Deja Boyd has often felt too ashamed to talk openly about the frantic, swirling thoughts that sometimes swamp her mind.
And even on Monday, it took a shove from a friend before it all spilled out.
“Have you ever been able to feel the weight of every thought inside your head?” barked the 17-year-old Whitney Young High School student, the jittery pace of her spoken-word poem echoing her mood. “I have more phobias than germs in my mouth. I’m afraid of the day I trip up and leave my curtains wide open.”
As she spoke, a circle of her peers whooped and clapped and generally urged her to let it all out.
Boyd was one of a dozen or so Chicago Public Schools high school students and recent graduates who put aside their fears at “The Bean” in Millennium Park and took part in the “Pop-up Soapbox,” which offers youths about 3 minutes each to speak about weighty issues. It was part of the Mikva Challenge Mass Action Day to encourage youths to consider careers in politics, government and law.
“How often do adults get to see young people just speaking out about how they make the city better?” said Joshua Prudowsky, the Mikva Challenge’s chief program officer. “You only really see blood and guts in the summertime when you talk about youth. So we want to change that story.”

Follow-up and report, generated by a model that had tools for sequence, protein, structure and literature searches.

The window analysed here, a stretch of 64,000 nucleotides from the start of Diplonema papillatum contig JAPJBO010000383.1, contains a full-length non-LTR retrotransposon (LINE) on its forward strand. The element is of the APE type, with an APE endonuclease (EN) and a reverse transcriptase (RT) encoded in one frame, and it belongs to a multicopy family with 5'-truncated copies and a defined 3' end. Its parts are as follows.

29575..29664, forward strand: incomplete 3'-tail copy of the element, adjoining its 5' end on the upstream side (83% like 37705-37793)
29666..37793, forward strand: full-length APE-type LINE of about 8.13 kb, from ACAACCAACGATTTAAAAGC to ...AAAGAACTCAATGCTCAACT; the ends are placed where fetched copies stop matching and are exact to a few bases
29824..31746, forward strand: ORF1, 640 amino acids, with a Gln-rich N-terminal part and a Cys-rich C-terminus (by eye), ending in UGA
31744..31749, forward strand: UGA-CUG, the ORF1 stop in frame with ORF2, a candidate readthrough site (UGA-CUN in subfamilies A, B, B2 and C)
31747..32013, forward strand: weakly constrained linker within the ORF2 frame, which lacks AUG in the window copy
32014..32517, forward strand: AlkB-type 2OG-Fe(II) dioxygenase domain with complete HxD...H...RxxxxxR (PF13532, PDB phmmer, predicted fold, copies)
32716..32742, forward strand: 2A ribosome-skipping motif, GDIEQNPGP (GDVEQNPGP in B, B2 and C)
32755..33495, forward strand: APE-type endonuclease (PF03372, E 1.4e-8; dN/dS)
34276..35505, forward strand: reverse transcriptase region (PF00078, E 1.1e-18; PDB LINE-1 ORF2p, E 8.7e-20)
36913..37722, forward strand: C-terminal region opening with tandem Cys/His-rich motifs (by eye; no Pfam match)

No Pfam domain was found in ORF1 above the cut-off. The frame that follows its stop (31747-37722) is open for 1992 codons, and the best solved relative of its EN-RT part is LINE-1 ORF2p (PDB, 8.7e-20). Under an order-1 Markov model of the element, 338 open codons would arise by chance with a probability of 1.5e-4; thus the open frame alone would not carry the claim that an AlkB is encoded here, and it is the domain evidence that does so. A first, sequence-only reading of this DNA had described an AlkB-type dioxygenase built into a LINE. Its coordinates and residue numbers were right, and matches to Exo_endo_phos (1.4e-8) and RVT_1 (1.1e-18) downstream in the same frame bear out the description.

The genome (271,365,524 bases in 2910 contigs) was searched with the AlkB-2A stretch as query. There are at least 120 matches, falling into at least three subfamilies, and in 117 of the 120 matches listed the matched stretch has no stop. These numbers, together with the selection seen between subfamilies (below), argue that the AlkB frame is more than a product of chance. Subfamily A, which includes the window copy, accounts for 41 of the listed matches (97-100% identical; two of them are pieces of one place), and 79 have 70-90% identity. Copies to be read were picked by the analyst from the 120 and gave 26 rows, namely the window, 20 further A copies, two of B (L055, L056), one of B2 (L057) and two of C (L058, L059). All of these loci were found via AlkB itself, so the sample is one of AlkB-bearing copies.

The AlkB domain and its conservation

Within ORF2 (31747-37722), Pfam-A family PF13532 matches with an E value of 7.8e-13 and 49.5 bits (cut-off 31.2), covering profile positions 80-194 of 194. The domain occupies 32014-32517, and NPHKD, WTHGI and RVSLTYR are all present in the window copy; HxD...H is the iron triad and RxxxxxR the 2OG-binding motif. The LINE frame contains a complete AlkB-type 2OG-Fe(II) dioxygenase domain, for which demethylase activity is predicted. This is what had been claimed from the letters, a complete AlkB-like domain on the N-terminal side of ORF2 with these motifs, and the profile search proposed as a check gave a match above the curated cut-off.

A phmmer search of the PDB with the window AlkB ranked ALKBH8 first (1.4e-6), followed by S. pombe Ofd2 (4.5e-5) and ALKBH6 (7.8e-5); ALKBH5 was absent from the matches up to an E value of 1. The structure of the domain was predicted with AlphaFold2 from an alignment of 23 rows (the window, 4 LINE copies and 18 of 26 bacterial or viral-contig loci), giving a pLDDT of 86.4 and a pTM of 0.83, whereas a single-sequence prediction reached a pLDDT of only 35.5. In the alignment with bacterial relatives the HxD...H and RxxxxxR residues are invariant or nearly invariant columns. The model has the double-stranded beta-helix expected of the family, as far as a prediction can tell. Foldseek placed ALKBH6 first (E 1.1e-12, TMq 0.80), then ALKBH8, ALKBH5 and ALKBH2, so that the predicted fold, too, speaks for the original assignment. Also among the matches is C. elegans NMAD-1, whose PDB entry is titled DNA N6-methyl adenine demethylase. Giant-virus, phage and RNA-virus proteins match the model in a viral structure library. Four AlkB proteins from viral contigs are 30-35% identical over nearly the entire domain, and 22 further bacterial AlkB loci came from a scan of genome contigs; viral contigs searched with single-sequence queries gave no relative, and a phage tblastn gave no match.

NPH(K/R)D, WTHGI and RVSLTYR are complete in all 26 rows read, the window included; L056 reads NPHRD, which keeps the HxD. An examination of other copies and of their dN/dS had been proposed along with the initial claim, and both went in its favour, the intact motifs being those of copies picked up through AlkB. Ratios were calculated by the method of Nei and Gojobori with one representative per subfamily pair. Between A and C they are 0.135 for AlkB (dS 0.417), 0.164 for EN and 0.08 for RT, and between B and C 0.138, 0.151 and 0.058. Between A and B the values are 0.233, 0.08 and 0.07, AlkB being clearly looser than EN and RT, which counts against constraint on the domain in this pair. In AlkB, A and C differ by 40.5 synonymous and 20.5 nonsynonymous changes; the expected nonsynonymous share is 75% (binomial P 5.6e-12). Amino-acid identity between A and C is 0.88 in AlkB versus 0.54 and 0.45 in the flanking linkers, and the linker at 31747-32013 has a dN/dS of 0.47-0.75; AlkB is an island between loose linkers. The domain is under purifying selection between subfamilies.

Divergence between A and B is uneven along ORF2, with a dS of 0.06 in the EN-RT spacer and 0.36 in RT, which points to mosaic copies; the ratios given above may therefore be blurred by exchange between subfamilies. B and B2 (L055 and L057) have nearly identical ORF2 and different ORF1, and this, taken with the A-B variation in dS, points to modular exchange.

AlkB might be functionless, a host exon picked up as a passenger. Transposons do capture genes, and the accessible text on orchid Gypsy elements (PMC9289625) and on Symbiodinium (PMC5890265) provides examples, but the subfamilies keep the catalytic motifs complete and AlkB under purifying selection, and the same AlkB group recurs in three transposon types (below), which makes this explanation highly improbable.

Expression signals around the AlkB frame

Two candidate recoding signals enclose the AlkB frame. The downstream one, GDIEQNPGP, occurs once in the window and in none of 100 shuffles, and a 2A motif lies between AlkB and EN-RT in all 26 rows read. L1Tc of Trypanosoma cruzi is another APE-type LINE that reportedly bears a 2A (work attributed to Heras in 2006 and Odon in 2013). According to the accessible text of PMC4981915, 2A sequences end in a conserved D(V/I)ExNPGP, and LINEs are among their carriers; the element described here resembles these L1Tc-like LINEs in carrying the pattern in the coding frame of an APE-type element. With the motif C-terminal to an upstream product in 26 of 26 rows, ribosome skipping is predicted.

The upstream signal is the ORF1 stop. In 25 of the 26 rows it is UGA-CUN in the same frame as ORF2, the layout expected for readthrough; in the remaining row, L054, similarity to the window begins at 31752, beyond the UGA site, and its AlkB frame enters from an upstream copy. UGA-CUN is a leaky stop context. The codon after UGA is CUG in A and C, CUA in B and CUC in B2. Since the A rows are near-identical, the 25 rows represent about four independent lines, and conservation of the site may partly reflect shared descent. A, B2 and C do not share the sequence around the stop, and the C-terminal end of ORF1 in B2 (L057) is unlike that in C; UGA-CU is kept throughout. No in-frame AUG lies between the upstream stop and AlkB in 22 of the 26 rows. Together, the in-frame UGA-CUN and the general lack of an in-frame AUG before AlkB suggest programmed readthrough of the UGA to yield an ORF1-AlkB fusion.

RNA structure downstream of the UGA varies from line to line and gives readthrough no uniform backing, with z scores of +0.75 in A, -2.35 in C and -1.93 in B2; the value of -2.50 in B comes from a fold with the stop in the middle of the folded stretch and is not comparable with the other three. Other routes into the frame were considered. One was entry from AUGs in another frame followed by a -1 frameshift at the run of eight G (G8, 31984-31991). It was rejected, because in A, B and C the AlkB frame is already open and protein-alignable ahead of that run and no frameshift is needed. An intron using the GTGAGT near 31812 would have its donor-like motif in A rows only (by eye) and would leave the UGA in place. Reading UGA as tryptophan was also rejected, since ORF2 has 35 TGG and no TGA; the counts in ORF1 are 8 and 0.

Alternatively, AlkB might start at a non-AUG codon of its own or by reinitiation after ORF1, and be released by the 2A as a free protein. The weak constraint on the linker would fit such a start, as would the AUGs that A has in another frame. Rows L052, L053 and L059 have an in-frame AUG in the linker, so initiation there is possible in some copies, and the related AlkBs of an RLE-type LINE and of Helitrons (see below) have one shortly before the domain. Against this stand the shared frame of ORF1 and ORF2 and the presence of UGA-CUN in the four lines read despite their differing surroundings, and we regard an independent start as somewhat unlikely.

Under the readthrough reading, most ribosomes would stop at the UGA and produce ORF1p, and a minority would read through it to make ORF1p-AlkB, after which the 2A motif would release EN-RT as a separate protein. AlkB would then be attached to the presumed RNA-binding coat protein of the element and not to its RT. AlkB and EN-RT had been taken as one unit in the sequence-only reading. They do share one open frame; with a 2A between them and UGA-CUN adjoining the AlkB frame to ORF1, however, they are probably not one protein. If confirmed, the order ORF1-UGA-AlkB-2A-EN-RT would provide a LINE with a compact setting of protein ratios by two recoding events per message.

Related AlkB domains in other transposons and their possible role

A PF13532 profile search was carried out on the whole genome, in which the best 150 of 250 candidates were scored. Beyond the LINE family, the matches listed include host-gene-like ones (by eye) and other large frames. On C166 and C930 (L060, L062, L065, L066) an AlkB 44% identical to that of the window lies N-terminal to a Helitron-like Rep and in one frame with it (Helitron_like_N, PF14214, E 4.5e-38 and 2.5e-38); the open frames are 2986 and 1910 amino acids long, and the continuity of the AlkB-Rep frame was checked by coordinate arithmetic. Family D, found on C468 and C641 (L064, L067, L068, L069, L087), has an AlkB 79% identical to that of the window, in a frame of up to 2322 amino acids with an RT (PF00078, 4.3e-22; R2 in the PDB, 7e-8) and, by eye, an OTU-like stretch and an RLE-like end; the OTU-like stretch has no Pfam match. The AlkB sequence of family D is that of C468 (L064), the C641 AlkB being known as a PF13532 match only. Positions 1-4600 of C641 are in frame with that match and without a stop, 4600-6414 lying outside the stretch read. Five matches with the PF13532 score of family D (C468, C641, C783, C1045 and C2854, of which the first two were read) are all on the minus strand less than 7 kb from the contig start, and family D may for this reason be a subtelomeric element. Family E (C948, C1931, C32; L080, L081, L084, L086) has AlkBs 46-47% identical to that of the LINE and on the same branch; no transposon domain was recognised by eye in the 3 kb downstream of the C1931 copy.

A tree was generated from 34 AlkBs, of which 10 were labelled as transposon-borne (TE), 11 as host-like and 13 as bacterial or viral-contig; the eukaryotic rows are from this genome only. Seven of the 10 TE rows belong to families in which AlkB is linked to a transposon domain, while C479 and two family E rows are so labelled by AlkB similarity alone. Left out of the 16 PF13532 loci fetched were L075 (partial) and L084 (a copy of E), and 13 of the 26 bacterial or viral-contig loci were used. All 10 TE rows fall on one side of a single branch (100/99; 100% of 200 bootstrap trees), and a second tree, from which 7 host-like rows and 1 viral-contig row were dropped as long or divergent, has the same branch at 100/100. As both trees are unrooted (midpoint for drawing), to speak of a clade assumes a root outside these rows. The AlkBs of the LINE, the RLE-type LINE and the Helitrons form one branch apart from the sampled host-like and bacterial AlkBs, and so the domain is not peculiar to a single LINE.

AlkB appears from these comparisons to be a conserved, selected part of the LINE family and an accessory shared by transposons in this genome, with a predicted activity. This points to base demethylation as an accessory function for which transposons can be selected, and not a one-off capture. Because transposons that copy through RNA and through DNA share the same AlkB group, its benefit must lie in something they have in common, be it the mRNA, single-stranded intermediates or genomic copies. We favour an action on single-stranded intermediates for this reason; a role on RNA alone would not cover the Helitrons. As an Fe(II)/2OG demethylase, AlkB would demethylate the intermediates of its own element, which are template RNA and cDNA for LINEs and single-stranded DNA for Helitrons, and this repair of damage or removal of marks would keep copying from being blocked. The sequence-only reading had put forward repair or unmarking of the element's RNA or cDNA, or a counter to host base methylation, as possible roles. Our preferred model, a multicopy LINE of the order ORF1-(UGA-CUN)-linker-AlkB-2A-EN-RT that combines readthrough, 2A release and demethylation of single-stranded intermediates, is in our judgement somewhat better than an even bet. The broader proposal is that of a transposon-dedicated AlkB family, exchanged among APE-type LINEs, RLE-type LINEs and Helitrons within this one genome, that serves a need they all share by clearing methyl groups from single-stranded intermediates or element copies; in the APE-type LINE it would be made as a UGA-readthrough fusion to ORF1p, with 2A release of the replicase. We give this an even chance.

Most of those who spoke tackled difficult subjects, from animal extinction to racism to meaningless sex.
As they spoke, babies in strollers wailed as their parents stopped for selfies with The Bean. A performance artist with white feather wings, who calls herself “The Angel Bird,” swooped and soared nearby.
But from time to time, people stopped to listen, including a little girl dressed in a “Girls Don’t Stop” tank top and wearing a puzzled look on her face.
“I was extremely nervous,” said Cit Lalli, 18, who attends Truman College. “There was part of me that said I’m just too nervous to do it. . . . Sometimes you’ve just got to go.”
Lalli too stepped into the circle, reciting a poem titled, “We live in a world.”
“We live in a world where Kim ‘K’ gets paid more than a doctor, women are told to be proper,” she said. “We live in a world where people only begin to care when you’re six feet under.”
Boyd said she relished the opportunity to talk openly about her anxiety and depression — things that she’s been dealing with all of her life.
“This is an opportunity for them to present their realities and, unfortunately, their reality can be grim, but we’re working with them so that they can change that,” Prudowsky said.